The Bad Batch’s Star Wars Connections Risk Repeating Old EU Mistakes

Star Wars: The Bad Batch may seem like a sequel to Star Wars: The Clone Wars – but it’s also an essential bridge to Star Wars Rebels, and that risks repeating mistakes of the old Expanded Universe. Star Wars: The Bad Batch episode 1 opened by stressing its close relationship to the end of The Clone Wars, beginning by sporting the bright red logo that accompanied the final four episodes that told the story of Order 66. It featured the traditional Clone Wars opening montage, too.

It’s easy to see why Lucasfilm chose to take this approach. Clone Force 99 made their debut in Star Wars: The Clone Wars season 7, and that show’s remarkable success was the reason Disney signed off on this new show in the first place. What’s more, the opening scenes technically took place before the end of the Clone Wars, with the clone troopers discussing Obi-Wan Kenobi’s confrontation with General Grievous on Utapau – and ultimately receiving Order 66, turning on Jedi Master Depa Billaba. There’s a straight narrative thread between the two animated series.

Related: How Star Wars Keeps Breaking Its Own Canon (& Why)

That does not, however, mean that The Bad Batch is a sequel. Rather, it is a standalone series that serves as connective tissue between the different eras of Star Wars history, attempting to draw all the stories together into a more cohesive whole. This is immediately clear in episode 1, when The Bad Batch retconned Caleb Dume’s survival of Order 66. On the face of it, this just seems to have been done because Lucasfilm thought it would be cool, regardless of the continuity problems caused by conflicting portrayals of the same event (Caleb’s Order 66 survival had already been chronicled in a comic book series). In reality, though, this is important in understanding The Bad Batch‘s narrative mission, to fill the gaps between the eras for people who just watch the films and TV shows.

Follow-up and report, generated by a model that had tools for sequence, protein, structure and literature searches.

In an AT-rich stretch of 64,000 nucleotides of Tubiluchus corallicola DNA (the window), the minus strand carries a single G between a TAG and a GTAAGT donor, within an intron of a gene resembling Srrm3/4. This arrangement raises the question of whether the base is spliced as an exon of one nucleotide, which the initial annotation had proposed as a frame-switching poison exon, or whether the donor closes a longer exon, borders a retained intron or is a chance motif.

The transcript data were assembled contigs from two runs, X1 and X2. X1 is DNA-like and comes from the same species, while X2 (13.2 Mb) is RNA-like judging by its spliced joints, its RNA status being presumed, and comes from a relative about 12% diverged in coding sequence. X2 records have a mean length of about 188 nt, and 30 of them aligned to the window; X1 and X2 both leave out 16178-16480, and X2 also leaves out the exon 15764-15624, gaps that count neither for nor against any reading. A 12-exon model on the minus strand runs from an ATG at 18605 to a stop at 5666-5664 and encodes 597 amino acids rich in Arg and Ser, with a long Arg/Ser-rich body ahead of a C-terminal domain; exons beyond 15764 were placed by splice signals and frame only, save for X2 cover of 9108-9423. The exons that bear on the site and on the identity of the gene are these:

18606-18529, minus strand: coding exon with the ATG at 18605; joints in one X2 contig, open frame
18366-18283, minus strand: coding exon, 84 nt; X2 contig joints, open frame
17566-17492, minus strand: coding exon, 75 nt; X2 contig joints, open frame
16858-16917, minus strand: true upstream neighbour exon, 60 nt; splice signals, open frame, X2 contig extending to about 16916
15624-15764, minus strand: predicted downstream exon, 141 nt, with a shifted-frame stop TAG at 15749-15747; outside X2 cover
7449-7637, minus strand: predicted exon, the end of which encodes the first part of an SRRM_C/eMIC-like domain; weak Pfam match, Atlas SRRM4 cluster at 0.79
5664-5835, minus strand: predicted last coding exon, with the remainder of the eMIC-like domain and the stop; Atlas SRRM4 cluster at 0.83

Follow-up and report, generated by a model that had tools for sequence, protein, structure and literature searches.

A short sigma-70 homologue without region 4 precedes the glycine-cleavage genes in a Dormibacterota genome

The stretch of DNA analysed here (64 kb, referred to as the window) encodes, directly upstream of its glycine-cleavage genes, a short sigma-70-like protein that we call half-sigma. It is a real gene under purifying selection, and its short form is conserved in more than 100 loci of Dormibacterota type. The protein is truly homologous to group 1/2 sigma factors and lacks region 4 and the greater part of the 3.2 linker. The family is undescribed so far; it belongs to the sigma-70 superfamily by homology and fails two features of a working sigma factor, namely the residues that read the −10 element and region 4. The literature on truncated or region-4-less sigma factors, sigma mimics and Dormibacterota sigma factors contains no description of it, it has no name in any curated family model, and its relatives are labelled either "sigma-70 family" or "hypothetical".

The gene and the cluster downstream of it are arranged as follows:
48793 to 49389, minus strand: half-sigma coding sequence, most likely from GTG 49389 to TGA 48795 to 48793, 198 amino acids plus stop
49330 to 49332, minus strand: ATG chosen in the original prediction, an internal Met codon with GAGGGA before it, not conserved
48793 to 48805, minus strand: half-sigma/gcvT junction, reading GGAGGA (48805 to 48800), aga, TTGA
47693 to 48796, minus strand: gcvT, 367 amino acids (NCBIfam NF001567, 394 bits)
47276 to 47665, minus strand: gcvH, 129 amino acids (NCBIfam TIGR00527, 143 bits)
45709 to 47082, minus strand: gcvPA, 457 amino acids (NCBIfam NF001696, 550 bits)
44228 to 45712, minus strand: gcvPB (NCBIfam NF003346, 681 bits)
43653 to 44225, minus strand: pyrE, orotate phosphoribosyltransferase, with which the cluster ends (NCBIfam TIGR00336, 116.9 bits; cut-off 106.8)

You can see the same mission running through a number of creative decisions, too, that are intended to help set up Star Wars Rebels. The same first episode saw Clone Force 99 sent on a mission to Onderon, where they encountered Saw Gerrera and positioned him as an opponent of the Empire who would ultimately become the hardened guerrilla leader in Rebels and Rogue One: A Star Wars Story (again, it actually clashed slightly with other mediums that had already told that story, in this case an excellent novel by James Luceno). The Bad Batch episode 2 name-dropped Captain Rex too. And there’s even set to be a reference to The Mandalorian, with Fennec Shand due to go up against Clone Force 99.

This approach makes a degree of sense; essentially, Lucasfilm is attempting to create an expanding but cohesive universe that is centered upon their movies and Disney+ TV series, and they don’t mind causing problems with other mediums if they get in the way. Ironically, though, it’s probably a mistake, because Lucasfilm is repeating an error made in the old Star Wars Expanded Universe – where the same names and faces cropped up so often that the galaxy began to feel smaller rather than bigger, to shrink rather than to grow. Lucasfilm would be wise to exploit these kind of links in Star Wars: The Bad Batch season 1, as a marketing tool more than anything else, and then to ditch them in favor of allowing this series to chart its own course.

More: When Bad Batch Takes Place In The Star Wars Timeline

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